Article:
The freedom convoy reminded me that I too have rights
On a recent Saturday morning in Austin, TX, my daughter and I took a shortcut downtown after running and biking further than planned on the Town Lake Trail. We drove home, up Congress Avenue towards the State Capitol, an area we‘d found ourselves avoiding over the past few years as it was increasingly the site of protests making demands of elected officials.
But today, we were 10 blocks from the Capitol complex, elated by the dopamine spike that came from exercising, when we heard the loudspeaker behind us. “Doo doo doo [the sound of an intercom chime]. This is your government speaking. And we would like to thank you for wearing your mask – uh, we mean, your muzzle. Your government thanks you for your surrender.
From where we were, we couldn’t see that the announcement was coming from speakers mounted on a utility truck. “Doo doo doo”, it came back. “The Freedom Convoy is here to remind you: you can’t fight for freedom if you’re muzzled.”
“I’m scared. I want to go home,” my daughter said, shaking my hand, as the voice over the loudspeaker continued and the convoy approached. “Me too,” I replied , without imagining our lodge a few blocks away, but rather visualizing my residence, in Montreal, Canada, where I was born and raised. Little did I know at the time that the mayor of Ottawa was preparing to declare a state of emergency as a group of truckers calling themselves the Freedom Convoy occupied Canada’s capital. That Saturday afternoon in Austin, I still believed things were different (read: better) “over there” – still not fully understanding that the distance between here and there, between us and them, is shrinking.
I am a first generation Canadian. My parents’ emigration from Trinidad to Montreal never seemed strange to me – moving to a new country when you became an adult seemed typical, judging by what most of my aunts and uncles were doing too. So moving to the United States as an adult seemed completely natural.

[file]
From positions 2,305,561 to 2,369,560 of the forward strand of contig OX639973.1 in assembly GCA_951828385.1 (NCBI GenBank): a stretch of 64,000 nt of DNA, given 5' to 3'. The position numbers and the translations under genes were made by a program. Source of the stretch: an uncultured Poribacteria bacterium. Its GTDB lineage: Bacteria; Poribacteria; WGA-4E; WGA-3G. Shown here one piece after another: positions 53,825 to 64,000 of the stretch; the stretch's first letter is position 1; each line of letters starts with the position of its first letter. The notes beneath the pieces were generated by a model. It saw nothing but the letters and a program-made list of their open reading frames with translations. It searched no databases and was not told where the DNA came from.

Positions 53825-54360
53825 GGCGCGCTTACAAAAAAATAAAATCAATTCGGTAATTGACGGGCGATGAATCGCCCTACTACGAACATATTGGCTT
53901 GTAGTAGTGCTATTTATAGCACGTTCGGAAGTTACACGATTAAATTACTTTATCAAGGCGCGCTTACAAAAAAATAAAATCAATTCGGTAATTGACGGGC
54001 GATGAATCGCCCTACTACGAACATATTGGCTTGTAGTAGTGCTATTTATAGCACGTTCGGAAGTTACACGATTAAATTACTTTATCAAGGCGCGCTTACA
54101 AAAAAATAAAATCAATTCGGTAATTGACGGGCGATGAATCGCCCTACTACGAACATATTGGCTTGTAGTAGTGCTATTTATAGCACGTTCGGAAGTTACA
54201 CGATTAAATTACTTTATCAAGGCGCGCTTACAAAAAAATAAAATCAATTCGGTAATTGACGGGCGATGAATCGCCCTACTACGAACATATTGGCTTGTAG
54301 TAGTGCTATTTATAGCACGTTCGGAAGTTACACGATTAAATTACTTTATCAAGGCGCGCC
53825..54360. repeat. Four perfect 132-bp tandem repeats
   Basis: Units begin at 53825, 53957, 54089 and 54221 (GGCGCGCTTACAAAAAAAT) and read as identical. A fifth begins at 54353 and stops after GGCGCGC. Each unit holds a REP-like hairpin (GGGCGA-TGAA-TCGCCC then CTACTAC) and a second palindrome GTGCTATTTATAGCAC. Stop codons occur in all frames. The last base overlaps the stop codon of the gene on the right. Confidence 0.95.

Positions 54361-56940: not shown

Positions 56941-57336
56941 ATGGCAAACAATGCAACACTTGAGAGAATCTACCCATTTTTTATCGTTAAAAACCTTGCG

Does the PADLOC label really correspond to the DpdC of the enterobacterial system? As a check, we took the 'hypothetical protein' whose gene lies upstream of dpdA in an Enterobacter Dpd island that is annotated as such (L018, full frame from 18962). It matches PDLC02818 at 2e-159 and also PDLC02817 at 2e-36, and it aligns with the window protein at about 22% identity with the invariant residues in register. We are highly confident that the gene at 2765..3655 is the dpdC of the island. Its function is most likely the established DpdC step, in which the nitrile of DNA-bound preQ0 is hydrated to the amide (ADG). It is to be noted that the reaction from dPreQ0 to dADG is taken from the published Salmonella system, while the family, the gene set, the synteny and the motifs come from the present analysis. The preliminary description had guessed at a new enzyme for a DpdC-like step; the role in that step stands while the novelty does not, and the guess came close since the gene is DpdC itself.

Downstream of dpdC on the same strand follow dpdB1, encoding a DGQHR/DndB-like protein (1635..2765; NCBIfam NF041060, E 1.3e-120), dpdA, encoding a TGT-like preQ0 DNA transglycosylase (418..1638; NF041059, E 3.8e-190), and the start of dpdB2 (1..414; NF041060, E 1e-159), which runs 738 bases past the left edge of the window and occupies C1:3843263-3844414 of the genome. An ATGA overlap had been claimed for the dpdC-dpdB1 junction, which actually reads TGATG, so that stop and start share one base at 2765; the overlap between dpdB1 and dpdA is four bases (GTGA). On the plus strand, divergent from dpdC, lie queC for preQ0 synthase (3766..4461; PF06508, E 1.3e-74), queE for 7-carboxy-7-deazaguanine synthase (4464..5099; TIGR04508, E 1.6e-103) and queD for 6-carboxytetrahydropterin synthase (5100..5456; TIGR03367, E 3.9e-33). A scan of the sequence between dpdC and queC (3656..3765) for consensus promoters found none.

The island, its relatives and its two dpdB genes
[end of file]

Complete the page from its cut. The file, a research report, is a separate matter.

I lived in New York, Boston and Philadelphia before arriving in Texas, a state that bears surprising similarities to the Canadian province in which I grew up. Both have struggled with the secession debates. Both are home to the second largest populations in their respective countries. Both have seen an increase in hate crimes. And in early February, the Texas attorney general tightened the tie, quoting, “Texan patriots donated to the noble cause of Canadian truckers” in a Tweeter. The Washington Post revealed an even more direct and troubling connection, finding that “residents of wealthy enclaves across the United States — from Beverly Hills, California, to suburban Austin, to beachside communities in Florida — have sent millions of dollars to support the convoys of truckers who occupied Canada Capital.”
Yet my Canadian friends act like I’ve moved to Mars when they hear I live here. I face various versions of “Austin, like, Texas?or “Texas?” So when are you coming back to Canada? »
Even when I don’t meet a Freedom Convoy, I ask myself this question almost every day. Why did I leave a country where I feel safe for a country where I feel more and more insecure?
I understand. People are exhausted, worn out by the pandemic, having to follow so many rules and constantly being told what to do. As the control of our daily lives seems to be loosening, I understand how some might believe the Freedom Convoy is reinforcing the waning control.
But what about those of us who feel threatened, unempowered, by calls for freedom, a call that means different things to different people?